Recently I was chatting with an acquaintance of mine. He is one of those guys who has a lot of friends. Countless times I’ve heard him mention something about “this buddy of mine”.
My acquaintance (I’ll call him Bob for simplicity) and I were talking about divorce, as he went through a divorce recently and has a young daughter. We had been discussing child support in terms of the mandatory court-ordered kind, but our conversation had drifted more into supporting a child in general.
Bob mentioned something to the effect that a child is the gift that keeps on giving — meaning not something positive, but in the negative sense in that it is something you have to keep paying for. “I’ve only got 8 more years though, and then that’s it,” implying that his financial obligation would be over when his daughter turns 18. To be fair, I’m not sure if he merely meant the monthly child support payment he makes, but it came across to me that he meant his entire obligation would end at that time.
As if that weren’t bad enough, a few moments later in the conversation Bob referenced “one of my buddies who got this ol’ girl knocked up.” He said, “I told him not to marry her just because you got her pregnant. Just look at it as another payment.”
Of course, Bob was talking about the assumed child support payment the father would take on.
How can you look at a child as “just another payment”. Certainly, the father should take financial responsibility for the child, ensuring that his or her needs are adequately met (not to mention those of the mother). However, true responsibility for the child goes far beyond buying diapers, clothes, or school supplies. Children need a father just as much as they need a mother.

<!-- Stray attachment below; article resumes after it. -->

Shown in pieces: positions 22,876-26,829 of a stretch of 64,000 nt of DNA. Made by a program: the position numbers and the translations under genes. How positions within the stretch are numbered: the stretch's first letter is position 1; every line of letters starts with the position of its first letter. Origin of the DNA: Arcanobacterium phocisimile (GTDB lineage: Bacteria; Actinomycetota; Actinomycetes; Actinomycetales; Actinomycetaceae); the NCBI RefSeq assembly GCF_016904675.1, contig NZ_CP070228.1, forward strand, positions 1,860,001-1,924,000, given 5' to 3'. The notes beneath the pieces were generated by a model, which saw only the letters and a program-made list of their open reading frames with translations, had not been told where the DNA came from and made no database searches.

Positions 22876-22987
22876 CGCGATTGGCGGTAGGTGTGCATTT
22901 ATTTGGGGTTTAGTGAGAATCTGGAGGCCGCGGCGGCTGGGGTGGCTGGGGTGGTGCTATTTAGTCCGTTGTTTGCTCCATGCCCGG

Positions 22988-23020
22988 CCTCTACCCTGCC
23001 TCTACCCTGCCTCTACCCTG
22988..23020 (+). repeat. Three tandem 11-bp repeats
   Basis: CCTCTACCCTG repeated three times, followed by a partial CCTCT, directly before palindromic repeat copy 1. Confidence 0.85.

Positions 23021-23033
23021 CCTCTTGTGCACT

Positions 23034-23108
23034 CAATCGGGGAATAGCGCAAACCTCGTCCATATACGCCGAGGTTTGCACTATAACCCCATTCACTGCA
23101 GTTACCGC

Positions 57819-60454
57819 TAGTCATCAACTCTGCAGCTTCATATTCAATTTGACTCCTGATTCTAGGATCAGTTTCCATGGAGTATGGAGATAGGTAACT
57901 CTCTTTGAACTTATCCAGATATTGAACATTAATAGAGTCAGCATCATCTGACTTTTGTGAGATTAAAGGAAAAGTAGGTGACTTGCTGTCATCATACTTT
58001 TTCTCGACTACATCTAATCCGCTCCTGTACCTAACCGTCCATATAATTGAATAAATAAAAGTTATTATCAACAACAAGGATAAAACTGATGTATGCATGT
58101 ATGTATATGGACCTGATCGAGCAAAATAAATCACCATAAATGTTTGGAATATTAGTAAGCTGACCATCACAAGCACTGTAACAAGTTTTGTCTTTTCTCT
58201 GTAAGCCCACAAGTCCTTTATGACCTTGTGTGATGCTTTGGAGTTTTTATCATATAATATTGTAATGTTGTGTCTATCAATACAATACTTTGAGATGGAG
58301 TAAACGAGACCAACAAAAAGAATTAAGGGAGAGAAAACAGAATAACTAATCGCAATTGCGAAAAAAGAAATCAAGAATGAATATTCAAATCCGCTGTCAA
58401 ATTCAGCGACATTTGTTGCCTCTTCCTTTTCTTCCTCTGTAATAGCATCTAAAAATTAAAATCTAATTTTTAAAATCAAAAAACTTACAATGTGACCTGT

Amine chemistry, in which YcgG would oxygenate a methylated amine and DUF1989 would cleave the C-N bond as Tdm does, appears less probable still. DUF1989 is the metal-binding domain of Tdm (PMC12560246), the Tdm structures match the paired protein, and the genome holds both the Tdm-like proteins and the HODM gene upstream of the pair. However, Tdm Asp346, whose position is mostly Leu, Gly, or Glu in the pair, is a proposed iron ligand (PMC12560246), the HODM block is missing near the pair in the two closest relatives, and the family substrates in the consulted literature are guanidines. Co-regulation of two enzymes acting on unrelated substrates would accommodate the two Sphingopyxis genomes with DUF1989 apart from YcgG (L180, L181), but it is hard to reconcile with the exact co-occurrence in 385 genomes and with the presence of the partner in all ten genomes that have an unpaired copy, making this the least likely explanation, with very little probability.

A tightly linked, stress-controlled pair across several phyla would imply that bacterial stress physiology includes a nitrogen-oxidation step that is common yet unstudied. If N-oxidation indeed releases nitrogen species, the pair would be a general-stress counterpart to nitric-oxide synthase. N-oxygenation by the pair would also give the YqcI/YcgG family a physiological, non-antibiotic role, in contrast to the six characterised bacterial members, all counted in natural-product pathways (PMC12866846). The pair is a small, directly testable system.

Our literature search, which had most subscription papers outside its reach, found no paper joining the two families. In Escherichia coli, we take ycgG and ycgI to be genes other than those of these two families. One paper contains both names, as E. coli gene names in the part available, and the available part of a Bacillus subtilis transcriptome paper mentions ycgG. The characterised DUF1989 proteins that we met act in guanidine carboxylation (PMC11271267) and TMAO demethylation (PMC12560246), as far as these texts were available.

According to statistics recently released by the Centers for Disease Control and Prevention , almost 41% of all births in 2012 were by unwed mothers. More shocking, at least to me anyway, is the statistic from the U.S. Census Bureau that 62 percent of women aged 20-24 who gave birth in 2011 were unmarried.
These figures are hard to digest. No wonder kids these days are suffering — emotionally, intellectually, mentally, and physically.
I realize many people in the world believe that it is old-fashioned to insist that a child be reared with one mother and one father, especially given today’s wide range of acceptance for what is termed a “normal” family.
I hate to say it, but as long as our culture believes it is acceptable to ignore God’s plan for the family, we will all continue to suffer. He defines what a family should be in many places throughout the Bible.
Genesis 2:24 says, “Therefore a man shall leave his father and his mother and hold fast to his wife, and they shall become one flesh.”
Mark 10: 9 expands on the idea of husband and wife remaining together: “What therefore God has joined together, let not man separate.”
I’m not naive. Certainly, I understand that there are unavoidable circumstances where children cannot have both parents — a married male and a female — to raise them. I have all the compassion and sympathy in the world for single moms (and dads), and I know quite a few of them. I also realize that children are capable of thriving in a less-than-ideal environment. But why put our kids at risk for a lifetime of struggle and hardship if it’s not necessary?
Summing up my argument, as much as it is possible we should strive to create the ideal type of home as God set forth for us — a matched set of married parents living together with their children (and, of course, a chocolate lab).